Perovskite Solar Cells Surpass 20 % Efficiency

Prototype of the Perovskite solar cell (Source: Herzog / EPFL)

Prototype of the Perovskite solar cell (Source: Herzog / EPFL)

Michael Graetzel and his team from EPFL are pushing the limits of perovskite solar cell performance by exploring the best way to grow these crystals.  They found that, by briefly reducing the pressure while fabri­cating perovskite crystals, they were able to achieve the highest performance ever measured for larger-size perovskite solar cells, reaching over 20 % efficiency and matching the per­formance of conventional thin-film solar cells of similar sizes. This is promising news for perovskite techno­logy that is already low cost and under industrial development.

However, high performance in perovskites does not necessarily herald the doom of silicon-based solar technology. Safety issues still need to be addressed regarding the lead content of current perovskite solar-cell prototypes in addition to determining the stability of actual devices. Layering perovskites on top of silicon to make hybrid solar panels may actually boost the silicon solar-cell industry. Efficiency could exceed 30 %, with the theoretical limit being around 44 %. The improved performance would come from har­nessing more solar energy: the higher energy light would be absorbed by the perovs­kite top layer, while lower energy sunlight passing through the perovs­kite would be absorbed by the silicon layer.

Graetzel is known for his trans­parent dye-sensitized solar cells. It turns out that the first perovs­kite solar cells were dye-sensitized cells where the dye was replaced by small perovskite particles. His lab’s latest perovskite prototype, roughly the size of an SD card, looks like a piece of glass that is darkened on one side by a thin film of perovskite. Unlike the trans­parent dye-sensitized cells, the perovs­kite solar cell is opaque.

The scientists first dissolve a selection of compounds in a liquid to make some ink. They then place the ink on a special type of glass that can conduct elec­tricity. The ink dries up, leaving behind a thin film that crystallizes on top of the glass when mild heat is applied. The end result is a thin layer of perovskite crystals. The tricky part is growing a thin film of perovs­kite crystals so that the resulting solar cell absorbs a maximum amount of light. Scientists are constantly looking for smooth and regular layers of perovs­kite with large crystal grain size in order to increase photo­voltaic yields.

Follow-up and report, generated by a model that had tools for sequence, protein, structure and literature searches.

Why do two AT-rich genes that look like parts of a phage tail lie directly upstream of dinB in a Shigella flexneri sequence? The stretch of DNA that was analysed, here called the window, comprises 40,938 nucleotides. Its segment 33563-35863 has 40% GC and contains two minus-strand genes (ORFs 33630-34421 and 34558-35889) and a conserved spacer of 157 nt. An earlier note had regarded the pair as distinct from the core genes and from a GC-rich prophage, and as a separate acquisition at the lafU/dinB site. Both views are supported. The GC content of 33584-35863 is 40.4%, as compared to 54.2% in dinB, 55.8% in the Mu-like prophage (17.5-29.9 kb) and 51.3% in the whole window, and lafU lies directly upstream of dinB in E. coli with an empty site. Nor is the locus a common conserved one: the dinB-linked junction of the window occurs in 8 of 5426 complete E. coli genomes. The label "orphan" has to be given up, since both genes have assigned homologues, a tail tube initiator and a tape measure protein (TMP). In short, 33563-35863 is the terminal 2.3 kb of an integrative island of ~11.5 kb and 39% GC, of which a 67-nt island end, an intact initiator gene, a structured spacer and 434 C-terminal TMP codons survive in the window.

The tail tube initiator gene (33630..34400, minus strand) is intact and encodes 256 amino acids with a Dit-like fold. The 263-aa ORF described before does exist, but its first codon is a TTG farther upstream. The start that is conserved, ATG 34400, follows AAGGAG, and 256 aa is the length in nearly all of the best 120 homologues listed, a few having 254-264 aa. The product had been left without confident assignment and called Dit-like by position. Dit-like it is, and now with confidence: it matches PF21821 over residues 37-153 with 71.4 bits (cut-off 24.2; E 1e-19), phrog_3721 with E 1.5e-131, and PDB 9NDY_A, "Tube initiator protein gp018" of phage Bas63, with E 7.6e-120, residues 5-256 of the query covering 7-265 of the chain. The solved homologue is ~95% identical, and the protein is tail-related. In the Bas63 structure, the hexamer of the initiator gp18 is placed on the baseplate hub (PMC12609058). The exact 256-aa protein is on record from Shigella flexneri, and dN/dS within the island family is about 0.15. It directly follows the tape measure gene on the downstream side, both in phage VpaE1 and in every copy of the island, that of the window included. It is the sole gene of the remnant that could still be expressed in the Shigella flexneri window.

For instance, spinning the cell when the ink is still wet flattens the ink and wicks off some of the excess liquid, leading to more regular films. A new vacuum flash technique used by Graetzel and his team also selec­tively removes the volatile component of this excess liquid. At the same time, the burst of vacuum flash creates seeds for crystal formation, leading to very regular and shiny perovskite crystals of high elec­tronic quality. (Source: EPFL)

Reference: X. Li et al.: A vacuum flash–assisted solution process for high-efficiency large-area perovskite solar cells, Science, online 09 Jun 2016, DOI: 10.1126/science.aaf8060

Link: Photonics and Interfaces (M. Grätzel), Dept. of Chemistry and Chemical Engineering, Swiss Federal Institute of Technology Lausanne, Switzerland

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